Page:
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AFP gagged, state agencies run for cover on terror-Iraq link

The government won’t allow the Australian Federal Police to comment on whether its decision to go to war in Iraq has increased the risk of terrorism in Australia.

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Turnbull finally provides some progress on metadata definition

After a discussion with ASIO and the AFP, Malcolm Turnbull has presented a definition of metadata that makes more sense than any offered so far by his colleagues.

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Tips and rumours

Asylum seeker planes blocked from view … cyber attacks on the AFP … online dating tips at the Sydney Institute …

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Tips and rumours

AFP deployment untrained and inexperienced … clouds over Telstra job losses … Lachlan shown the door at News Corp …

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Can the AFP really help in Ukraine?

Abbott wants to send the cops into war-torn Ukraine. Is this a wise move? Andrew Goldsmith, strategic professor of criminology and Grant Niemann, senior lecturer in law, explain.

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Brandis’ national security bill a concern for whistleblowers, journalists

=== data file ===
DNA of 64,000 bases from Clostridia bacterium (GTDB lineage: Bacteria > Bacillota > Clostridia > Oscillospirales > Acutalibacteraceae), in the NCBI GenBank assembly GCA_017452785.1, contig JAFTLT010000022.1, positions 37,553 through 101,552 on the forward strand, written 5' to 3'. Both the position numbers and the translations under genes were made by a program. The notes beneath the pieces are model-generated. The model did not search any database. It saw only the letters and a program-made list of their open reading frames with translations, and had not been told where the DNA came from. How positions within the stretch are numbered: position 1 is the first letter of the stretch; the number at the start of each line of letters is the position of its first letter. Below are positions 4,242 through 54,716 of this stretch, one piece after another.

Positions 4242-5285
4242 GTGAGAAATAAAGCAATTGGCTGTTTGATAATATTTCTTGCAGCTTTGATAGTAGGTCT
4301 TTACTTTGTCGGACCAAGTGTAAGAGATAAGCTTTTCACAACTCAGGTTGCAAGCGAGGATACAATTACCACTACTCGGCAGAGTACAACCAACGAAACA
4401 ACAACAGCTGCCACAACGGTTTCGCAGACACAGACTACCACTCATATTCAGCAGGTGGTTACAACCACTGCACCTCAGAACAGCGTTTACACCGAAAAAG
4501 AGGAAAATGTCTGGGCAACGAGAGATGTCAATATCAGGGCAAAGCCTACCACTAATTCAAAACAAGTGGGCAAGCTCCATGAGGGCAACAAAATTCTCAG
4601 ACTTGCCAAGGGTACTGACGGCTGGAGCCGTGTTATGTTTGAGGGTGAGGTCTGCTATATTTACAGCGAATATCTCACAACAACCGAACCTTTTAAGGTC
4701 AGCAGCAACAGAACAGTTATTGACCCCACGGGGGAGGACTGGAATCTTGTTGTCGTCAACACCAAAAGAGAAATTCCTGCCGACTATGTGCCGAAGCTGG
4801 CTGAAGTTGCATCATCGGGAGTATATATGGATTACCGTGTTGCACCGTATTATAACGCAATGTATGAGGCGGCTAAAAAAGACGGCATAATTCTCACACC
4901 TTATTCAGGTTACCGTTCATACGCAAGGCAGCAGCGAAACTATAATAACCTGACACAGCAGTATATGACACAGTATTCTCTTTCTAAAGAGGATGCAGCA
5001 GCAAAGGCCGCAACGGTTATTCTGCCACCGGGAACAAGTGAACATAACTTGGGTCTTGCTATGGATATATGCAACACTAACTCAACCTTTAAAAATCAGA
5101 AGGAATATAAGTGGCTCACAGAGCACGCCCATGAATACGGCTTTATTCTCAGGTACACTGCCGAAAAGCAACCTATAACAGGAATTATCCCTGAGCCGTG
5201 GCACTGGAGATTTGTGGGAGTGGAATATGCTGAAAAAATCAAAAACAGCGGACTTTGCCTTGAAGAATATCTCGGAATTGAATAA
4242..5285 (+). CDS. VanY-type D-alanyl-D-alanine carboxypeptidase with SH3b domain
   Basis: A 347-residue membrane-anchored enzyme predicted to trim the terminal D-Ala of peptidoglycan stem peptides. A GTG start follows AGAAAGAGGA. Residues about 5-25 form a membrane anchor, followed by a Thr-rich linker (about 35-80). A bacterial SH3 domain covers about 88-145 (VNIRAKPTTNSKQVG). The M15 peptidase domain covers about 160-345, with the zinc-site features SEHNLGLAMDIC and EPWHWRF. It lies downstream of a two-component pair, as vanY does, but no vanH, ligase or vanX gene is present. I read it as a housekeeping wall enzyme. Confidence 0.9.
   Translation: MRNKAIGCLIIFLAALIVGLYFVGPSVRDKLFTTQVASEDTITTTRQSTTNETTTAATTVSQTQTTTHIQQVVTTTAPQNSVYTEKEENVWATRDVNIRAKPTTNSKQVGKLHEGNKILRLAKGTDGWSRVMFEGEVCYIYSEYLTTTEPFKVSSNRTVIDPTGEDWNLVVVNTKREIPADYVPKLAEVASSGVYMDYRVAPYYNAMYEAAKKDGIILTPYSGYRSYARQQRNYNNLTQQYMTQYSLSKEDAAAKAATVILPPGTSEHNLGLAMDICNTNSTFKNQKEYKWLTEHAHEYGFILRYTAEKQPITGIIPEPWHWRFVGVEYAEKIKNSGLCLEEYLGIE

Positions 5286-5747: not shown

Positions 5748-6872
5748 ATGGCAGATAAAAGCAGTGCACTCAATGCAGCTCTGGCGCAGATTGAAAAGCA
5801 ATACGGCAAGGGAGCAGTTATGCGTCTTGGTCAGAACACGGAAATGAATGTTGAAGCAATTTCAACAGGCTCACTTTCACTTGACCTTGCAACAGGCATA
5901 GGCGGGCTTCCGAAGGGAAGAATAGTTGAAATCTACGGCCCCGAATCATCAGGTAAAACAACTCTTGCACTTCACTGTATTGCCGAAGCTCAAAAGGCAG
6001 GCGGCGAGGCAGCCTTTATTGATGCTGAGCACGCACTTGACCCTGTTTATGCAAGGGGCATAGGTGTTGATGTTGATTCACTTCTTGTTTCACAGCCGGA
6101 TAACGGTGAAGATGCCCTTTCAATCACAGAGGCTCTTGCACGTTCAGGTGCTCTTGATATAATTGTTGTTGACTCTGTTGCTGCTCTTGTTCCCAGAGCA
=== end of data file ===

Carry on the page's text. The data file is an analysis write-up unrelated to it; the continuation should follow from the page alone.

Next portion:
The government’s national security reform bill sticks closely to what was promised, but there are some concerns that a parliamentary committee will need to tackle.

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Media briefs: Seven v AFP … film Crowe-ing … radio social …

Seven has won its court case against the Australian Federal Police after police raided the network’s offices looking for evidence of a deal with Schapelle Corby. Plus other media tidbits of the day.

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Australian media asleep at the wheel on proceeds of crime

The legislation enabling the AFP to raid the Seven Network over payments to Schapelle Corby was put in place over a decade ago. And no one spoke up about it.

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Tips and rumours

AFP raids Seven for Corby payoff … La Trobe goes to the bank? … Star subs out of work … wrong Downer Jnr …

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The Coalition’s poor record on political royal commissions

The government is poised to announce a royal commission into unions. But if there’s a systemic problem in Australian commerce, it’s not corrupt officials in our ever-shrinking trade unions — look instead at ASIC and the AFP.

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When MPs (and journalists) should not use their own phones

Watch out, MPs and journalists: the AFP may be tracking your phone calls. Whistleblowers and leakers run the risk of being tracked down if they call an MP or a journo.

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National security inquiry declines to endorse data retention

A key review of proposal to strengthen national security laws has opted against recommending mandatory data retention, and suggested a strictly limited scheme if governments do consider one.

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Womens Agenda